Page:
Blinding is a common element used in rigorously designed trials. Most people are familiar with the general concept but what is its purpose and what is the best way to perform it? This blog by Neelam Khan explores both of these questions and discusses ways to tackle situations where blinding cannot be done.
In this blog, Julie Duncan Millar, PhD Student and Physiotherapist, reflects on the difficulties of comparing and sharing upper limb rehabilitation trial data and proposes a condensed toolkit of measures recommended for researchers to use in future trials.
Canada is in the midst of an opioid crisis and prescriptions have something to do with it. The question is, what? Lauren Gorfinkel discusses the need for new research which adequately investigates the ways in which prescription opioids enter and influence the lives of not only those who are prescribed opioids, but those that are not.
Saul Crandon provides an overview of Case-control and Cohort studies: what are they, how are they different, and what are the pros and cons you need to consider in each study design.
In this blog, Leonardo provides 5 interpretations that you should consider when you read or hear about a reported association in observational studies.
Is evidence-based medicine a fairy tale? With this in mind, Foo Wee brings her personal experience into a review of the evidence available for analgesic treatment of G6PD deficient children. This blog won 2nd prize in the recent Cochrane Malaysia blog writing competition.
This blog provides a detailed overview of the Delphi Technique, a method of congregating expert opinion through a series of iterative questionnaires, with a goal of coming to a group consensus. It covers what it is, the process involved, pros and cons and when you would consider using it.
Tarang Sharma was lead-author of a recent article entitled “The Yusuf-Peto method was not a robust method for meta-analyses of rare events data from antidepressant trials”. In this blog, Tarang gives more details about meta-analysis methods of rare events and sparse data, and why these can lead to misleading results.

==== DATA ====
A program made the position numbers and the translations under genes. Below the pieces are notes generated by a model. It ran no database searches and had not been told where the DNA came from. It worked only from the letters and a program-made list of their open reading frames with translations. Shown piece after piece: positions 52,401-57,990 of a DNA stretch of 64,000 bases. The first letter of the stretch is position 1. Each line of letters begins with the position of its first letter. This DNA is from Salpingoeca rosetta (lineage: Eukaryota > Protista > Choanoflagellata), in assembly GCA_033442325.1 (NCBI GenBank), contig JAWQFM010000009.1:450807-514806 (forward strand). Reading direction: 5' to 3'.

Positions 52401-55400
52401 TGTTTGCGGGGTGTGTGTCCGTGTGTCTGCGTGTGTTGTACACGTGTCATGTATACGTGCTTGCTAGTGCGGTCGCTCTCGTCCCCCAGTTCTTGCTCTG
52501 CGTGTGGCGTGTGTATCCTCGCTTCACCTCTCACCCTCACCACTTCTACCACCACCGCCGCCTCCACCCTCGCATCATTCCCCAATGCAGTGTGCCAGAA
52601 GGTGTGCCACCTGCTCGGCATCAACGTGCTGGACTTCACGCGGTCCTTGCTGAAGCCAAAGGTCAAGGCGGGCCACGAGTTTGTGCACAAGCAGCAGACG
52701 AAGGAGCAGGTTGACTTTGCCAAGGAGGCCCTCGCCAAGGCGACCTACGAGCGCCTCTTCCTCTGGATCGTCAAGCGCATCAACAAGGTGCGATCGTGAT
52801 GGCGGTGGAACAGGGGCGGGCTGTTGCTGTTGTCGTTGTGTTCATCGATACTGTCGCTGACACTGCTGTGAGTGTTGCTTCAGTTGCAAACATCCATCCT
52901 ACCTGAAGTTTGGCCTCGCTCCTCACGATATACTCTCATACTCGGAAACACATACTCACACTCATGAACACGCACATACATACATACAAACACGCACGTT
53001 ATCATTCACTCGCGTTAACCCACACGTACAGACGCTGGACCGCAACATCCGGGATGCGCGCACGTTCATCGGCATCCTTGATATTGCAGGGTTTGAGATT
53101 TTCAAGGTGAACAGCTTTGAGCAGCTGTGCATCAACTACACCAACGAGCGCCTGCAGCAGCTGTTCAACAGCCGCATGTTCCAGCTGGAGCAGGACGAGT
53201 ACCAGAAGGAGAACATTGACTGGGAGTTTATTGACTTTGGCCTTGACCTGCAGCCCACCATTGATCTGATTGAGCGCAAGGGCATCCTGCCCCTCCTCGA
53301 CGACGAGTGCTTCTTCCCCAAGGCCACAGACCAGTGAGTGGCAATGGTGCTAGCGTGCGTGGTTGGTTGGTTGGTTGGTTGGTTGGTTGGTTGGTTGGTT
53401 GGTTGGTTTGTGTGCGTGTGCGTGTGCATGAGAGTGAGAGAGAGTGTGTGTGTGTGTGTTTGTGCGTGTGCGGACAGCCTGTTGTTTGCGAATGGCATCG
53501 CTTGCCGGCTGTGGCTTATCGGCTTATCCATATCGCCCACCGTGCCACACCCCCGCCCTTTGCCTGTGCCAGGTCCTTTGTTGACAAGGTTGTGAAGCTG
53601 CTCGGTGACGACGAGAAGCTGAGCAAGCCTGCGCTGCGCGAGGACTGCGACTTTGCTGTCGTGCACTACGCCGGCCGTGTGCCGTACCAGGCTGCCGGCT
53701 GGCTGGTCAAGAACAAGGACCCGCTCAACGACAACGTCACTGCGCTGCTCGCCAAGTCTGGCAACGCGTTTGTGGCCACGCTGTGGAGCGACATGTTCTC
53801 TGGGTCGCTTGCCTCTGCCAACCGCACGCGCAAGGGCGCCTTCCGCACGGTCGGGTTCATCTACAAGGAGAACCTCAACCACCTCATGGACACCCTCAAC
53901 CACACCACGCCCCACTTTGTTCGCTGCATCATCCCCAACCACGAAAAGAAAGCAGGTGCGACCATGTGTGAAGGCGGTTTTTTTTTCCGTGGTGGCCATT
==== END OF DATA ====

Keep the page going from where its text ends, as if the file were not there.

This blog provides an introduction to sample size and power; what it is, why it’s important to consider when designing a study, and how to carry out a power calculation.
A pilot study is a small scale preliminary study conducted in order to evaluate feasibility of the key steps in a future, full-scale project. Pilot studies can teach researchers about any amendments they will need to make to the design of the future study, in order to minimise waste of time and resources.
This blog provides a detailed overview of the concept of ‘blinding’ in randomised controlled trials (RCTs). It covers what blinding is, common methods of blinding, why blinding is important, and what researchers might do when blinding is not possible. It also explains the concept of allocation concealment.
This is the story of the MedLit Blitz birthday celebration. Cochrane Crowd joined forces with another innovative platform Mark2Cure to run the MedLit Blitz, consisting of three events: a webinar, a 24 hour Cochrane Crowd screening challenge, and a 24 hour Mark2Cure challenge.
Join Cochrane Crowd, their partner Mark2Cure and their collective global volunteer network for an online MedLit Blitz, May 9th-12th.
This blog takes a critical look at the use of functional electronic stimulation for children with cerebral palsy.
This blog discusses the problem of confirmation bias: our tendency to favour answers that confirm ideas and beliefs that we already have. It also discusses two possible solutions to this problem: 1) referring to systematic reviews, which take account of ALL the available evidence and 2) actively seeking out information which may challenge our preconceptions.